There’s a TV advert currently doing the rounds that shows a series of mortified teenagers being ferried to school in their parents’ seriously un-cool cars.
Cringing as their mums and dads embarrass them in front of their mates, all that changes when a dad driving a rather swish Volkswagen zooms into view, his daughter beaming with smug pride alongside him.
Of course, owning the smartest set of wheels on the block is swiftly undone when he attempts a fist bump, to the groans and pitying sighs of his less than impressed girl.
As the dad of a teen, it is a scenario that rings painfully true.
My 11-year-old lad is fine with his dad singing along in the car and generally being a bit daft behind the wheel when whizzing from A to Z.
Not so for my 13-year-old.
For starters, Radio 2 is switched off the second he sets foot inside my rather dated Citroen Xsara Picasso, despite my protestations that it actually plays “cool” bands he’s heard of like Kasabian and the Kaiser Chiefs.
Instead, he flicks the dial to Capital, a station which appears to have about three records and one presenter and then it’s a steady diet of, ahem, new music while I am taking him to wherever he needs to go.
Never mind, the music will form a nice backdrop as we have a good old father-son chinwag about school, the news, his mates.
Well, that’s if you consider conversation to be a series of grunts, uttered occasionally, his head instead buried in his phone so he can check what’s happening on Instagram, Snapchat or Oovoo (no, me neither).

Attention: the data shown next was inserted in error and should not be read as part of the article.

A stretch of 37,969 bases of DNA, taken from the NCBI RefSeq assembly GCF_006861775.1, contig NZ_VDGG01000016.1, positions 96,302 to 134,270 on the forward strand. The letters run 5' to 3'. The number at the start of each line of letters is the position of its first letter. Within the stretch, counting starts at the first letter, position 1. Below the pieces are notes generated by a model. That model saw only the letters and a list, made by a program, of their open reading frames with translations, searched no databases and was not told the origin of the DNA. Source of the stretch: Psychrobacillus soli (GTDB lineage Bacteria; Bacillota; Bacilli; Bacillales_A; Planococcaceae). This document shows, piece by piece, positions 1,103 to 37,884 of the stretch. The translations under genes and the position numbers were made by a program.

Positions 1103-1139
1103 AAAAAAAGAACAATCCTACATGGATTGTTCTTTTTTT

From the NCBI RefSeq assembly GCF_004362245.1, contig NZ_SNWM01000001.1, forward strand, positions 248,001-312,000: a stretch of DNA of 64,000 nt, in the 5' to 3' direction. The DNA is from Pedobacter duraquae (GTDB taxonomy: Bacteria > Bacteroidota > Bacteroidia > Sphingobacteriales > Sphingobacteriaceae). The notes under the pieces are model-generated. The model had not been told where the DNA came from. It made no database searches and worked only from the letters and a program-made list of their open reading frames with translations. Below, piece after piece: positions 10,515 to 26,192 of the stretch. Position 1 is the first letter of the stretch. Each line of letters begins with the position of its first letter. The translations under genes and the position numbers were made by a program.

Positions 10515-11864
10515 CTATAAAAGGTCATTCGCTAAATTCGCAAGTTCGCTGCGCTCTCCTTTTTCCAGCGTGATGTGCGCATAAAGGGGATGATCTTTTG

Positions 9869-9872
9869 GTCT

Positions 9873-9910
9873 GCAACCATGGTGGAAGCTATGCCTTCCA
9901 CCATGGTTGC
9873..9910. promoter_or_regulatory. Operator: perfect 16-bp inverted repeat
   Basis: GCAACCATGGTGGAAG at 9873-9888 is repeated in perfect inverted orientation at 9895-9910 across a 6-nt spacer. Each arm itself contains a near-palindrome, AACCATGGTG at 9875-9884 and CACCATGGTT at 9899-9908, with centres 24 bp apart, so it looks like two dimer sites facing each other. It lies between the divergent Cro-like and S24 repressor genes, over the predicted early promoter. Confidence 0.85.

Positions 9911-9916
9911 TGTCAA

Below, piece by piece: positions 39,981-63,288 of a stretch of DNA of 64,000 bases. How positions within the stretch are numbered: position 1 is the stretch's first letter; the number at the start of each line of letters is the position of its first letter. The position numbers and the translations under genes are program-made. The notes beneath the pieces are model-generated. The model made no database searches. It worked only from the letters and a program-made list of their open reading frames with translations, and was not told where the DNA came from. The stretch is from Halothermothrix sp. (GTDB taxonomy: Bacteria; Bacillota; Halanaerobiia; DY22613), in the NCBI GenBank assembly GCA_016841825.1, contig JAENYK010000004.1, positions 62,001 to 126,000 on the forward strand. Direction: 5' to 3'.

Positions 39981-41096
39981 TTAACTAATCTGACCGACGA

When he hit 13, I told him he could have a Facebook account and I went about setting it up for him, hoping that if I couldn’t talk to him in person, at least there was the chance of communicating within the digital world.
As I write this, he’s posted once in about four months and has made his views known to me on several occasions: “Facebook is for old people.”
As for our journeys, singing along to anything is strictly off limits and there’s been more than one occasion where I’ve found myself turning into my own dad and uttering the infamous words: “Call this music? You can’t even make out the words.”
Drop-offs are generally undertaken at the far end of a car park, far from where he needs to be, lest his mates actually catch a glimpse of him climbing out of a vehicle that doesn’t happen to be a Ferrari or Lamborghini (not that their dads have such cars either, of course).
I’ve now come to accept that our journeys will be conducted in near silence, apart from the sounds of some inane DJ informing me of “a massive anthem coming up from the Chainsmokers next” and me scratching my head trying to understand what that actually means.
I’m looking forward to some time in 2022 when communications may be resumed - as long as I’ve upgraded my car to a Porsche by then.